Tags: poetry: sweet jesus

prophecy girl

[Lent: day 23/40]

Jesus at the Laundromat
-Kim Addonizio

The last crystals from the box of All
spill into the Speed Queen.
Tube socks, cotton drawers
with an asterisk design in blue,
a few frayed robes, graying now,
a sweatshirt saying GOD IS LOVE.
Jesus loads his quarters
and eases into a plastic chair
by the Change machine.
Each year it's harder to remember
why he returned.
Sometimes he knows
it was only nostalgia, and not
a second chance for anyone.  Now
he longs for home.  In heaven
things stayed white.
No one had to suffer flourescent lights
or rattling dryers,
the sour pool of urine by the pay phone.
Jesus watches his clothes revolve,
suds hitting the surface
of the curved glass.  He sighs
and looks around,
surprised he's not alone.
The chairs are filled
with old bodies, some snoring,
some sitting so still
he's tempted to touch them.
A woman curls under newspaper
near the sign that reads OPEN.
The attendant drags a map
the length of the linoleum,
streaking the dirt.

from Sweet Jesus: Poems About the Ultimate Icon (ed. Nick Carbó and Denise Duhamel) p. 165-6.
small girl in big world [_extraflamey_]

[Lent: day 5/40]

Signs & Miracles
-Ron Koertge

"If you exist," I said.  "Send me
a pony."

Immediately Jesus appeared
in my bedroom.

I get off my knees.  "You heard
my prayer!"

He quoted Himself: "Except ye
see signs and miracles, you will
not believe."

"Be reasonable, Jesus.  It's hard
to just take Your word for it."

"But I'm here.  In your bedroom.
Isn't that enough?"

"So is the pony outside?"
from Sweet Jesus: Poems About the Ultimate Icon (ed. Nick Carbó and Denise Duhamel) p. 3.
(hidden) wisdom

[Ash Wednesday]

The Feet Man
-for Leo Dangel
by Philip Dacey

The worst job I ever had was nailing
Jesus' feet to the cross on the
assembly line at the crucifix factory.
Jesus! I'd never thought of myself
as religious before that, but when
I had to strike those nails---I figured
it up once---more than two thousand times
a day, my mind began seeing things:
little tremors along the skin, jerks of
those legs that were bonier than
model's legs, his eyes imploring,
forgiving. I swear, if a tiny drop of blood
had oozed out of that wood at my pounding,
I wouldn't have been surprised at all.
I was ripe for a miracle, or a vacation,
All I got was worse: with each blow
of the hammer, I flinched, as if I
were the one getting pierced. Doing
that job day after day was bad enough,
but doing it to myself---my arms
spread out from one end of my paycheck
to the other---was crazy. I began
to sweat constantly, though the place
was air-conditioned. It wasn't long before
the foreman took me aside and told me
I was taking my job too seriously, that
if I wanted to keep it I had better calm down.
He was right. I pulled myself together
like a man and put all pointless thoughts
out of my head. Or tried to. It wasn't easy:
imagine Jesus after Jesus coming down
at you along the line, and you with
your hammer poised, you knowing
what you have to do to make a living.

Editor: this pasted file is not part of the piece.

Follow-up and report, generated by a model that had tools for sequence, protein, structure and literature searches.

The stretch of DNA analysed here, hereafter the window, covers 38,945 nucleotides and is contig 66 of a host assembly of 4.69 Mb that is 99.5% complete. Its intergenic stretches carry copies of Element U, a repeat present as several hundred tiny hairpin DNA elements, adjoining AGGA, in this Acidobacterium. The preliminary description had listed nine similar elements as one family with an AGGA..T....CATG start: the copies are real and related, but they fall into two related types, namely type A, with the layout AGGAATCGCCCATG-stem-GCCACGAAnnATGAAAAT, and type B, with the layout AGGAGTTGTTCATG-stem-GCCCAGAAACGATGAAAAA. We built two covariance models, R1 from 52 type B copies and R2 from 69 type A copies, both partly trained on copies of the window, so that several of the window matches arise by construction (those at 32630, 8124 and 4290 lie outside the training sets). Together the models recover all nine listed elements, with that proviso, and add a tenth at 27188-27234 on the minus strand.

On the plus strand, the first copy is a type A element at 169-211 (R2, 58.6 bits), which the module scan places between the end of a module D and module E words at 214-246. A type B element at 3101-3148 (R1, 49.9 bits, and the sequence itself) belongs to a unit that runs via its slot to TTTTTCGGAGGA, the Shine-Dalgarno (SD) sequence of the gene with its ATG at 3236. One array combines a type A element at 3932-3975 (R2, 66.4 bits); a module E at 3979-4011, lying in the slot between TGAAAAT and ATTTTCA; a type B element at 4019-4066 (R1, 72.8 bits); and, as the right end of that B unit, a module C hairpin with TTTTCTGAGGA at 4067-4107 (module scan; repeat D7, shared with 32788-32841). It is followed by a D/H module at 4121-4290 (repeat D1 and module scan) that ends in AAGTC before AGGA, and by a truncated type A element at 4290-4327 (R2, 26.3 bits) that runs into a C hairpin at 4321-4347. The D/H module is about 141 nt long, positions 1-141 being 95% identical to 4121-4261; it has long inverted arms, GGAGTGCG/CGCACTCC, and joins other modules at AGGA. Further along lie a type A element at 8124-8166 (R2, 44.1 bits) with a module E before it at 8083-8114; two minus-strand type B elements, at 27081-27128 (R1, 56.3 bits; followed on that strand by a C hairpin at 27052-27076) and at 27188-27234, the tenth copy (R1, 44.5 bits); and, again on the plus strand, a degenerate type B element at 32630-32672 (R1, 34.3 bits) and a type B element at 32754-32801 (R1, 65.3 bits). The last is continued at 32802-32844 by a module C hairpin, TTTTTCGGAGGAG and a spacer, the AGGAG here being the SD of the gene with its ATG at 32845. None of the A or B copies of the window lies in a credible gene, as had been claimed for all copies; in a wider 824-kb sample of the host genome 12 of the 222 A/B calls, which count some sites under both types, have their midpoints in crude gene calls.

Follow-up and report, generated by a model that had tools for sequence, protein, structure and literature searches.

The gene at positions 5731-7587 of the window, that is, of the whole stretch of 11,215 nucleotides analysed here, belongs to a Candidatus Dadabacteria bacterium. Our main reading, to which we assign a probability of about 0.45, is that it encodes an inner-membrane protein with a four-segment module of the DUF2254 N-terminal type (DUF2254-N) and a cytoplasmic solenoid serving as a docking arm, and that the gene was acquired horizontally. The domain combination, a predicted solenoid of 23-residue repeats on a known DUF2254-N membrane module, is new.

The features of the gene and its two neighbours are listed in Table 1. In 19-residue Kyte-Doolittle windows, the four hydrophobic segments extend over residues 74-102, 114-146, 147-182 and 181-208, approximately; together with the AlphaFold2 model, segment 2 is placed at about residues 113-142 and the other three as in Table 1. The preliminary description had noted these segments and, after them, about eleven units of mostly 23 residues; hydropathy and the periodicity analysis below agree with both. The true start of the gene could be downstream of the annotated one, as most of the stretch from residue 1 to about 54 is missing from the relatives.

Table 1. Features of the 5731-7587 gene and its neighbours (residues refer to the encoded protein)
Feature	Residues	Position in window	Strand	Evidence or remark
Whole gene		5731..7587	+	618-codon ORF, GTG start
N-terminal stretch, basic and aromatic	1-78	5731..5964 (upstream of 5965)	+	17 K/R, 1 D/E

from Sweet Jesus: Poems About the Ultimate Icon (ed. Nick Carbó and Denise Duhamel) p. 5-6.

The opening of this poem is just amazing. The break between the second and third lines especially. I was less moved by the middle, but the end wonderfully brings it back to what I had so loved at the beginning.

[Mardi Gras]

Jesus Is Hanging Over the Lesbian
-Stacey Waite

A lesbian's mother and a preacher
are standing over the lesbian.

They are trying to cast out the demons.

Jesus is hanging over the lesbian,
but more concerned with his own demons,
head tilted back, dry blood remnants
of a demon's crown on his head.

The lesbian can not see Jesus.
The preacher is blocking her view
and she is waiting for her leg hairs
to grow like vines, wrap around the preacher's
head until he splits open, until she could see
what was really inside him.

The lesbian wonders how the demons got to her.
And as the concerned members of the community joined
in the casting out of the demons, Jesus slips down from the cross
without anyone noticing (they are all looking at the lesbian).

"Kind of like Baptism," he says, laughs.
"Jesus, I have had unnatural passions for women."
"Understandable," Jesus says, "they are very beautiful,
don't let them fool you, even the grass has passions."

Jesus lifts himself back to the cross.

The lesbian's lover has a voice that sounds like Jesus
and persuades her to swim that night
in the river. The lesbian tosses her shirt,
and as her lover dips her head
back into the river, Jesus makes a sound
that echoes through the empty church,
a sound like a baby crying,
a sound like some blade of grass
has just been touched.
from Sweet Jesus: Poems About the Ultimate Icon (ed. Nick Carbó and Denise Duhamel) p. 85-86. Thanks to polymexina.

I wasn't really into this poem at the beginning (though as I typed it up I found more richness in it -- and felt like such an English major) but "even the grass has passions" won me. (I blame lilithchilde for my love for "the people are grass.")

I don't like the poems in this book enough to do a daily Lent posting, but I had been thinking about it, ['cause I really liked doing daily readings for Advent and am still at a loss for something comparable to do for Lent] and I like the tension between the body and the dominant religious forces in this poem as a post for Mardi Gras (the binging celebration immediately preceding Lent).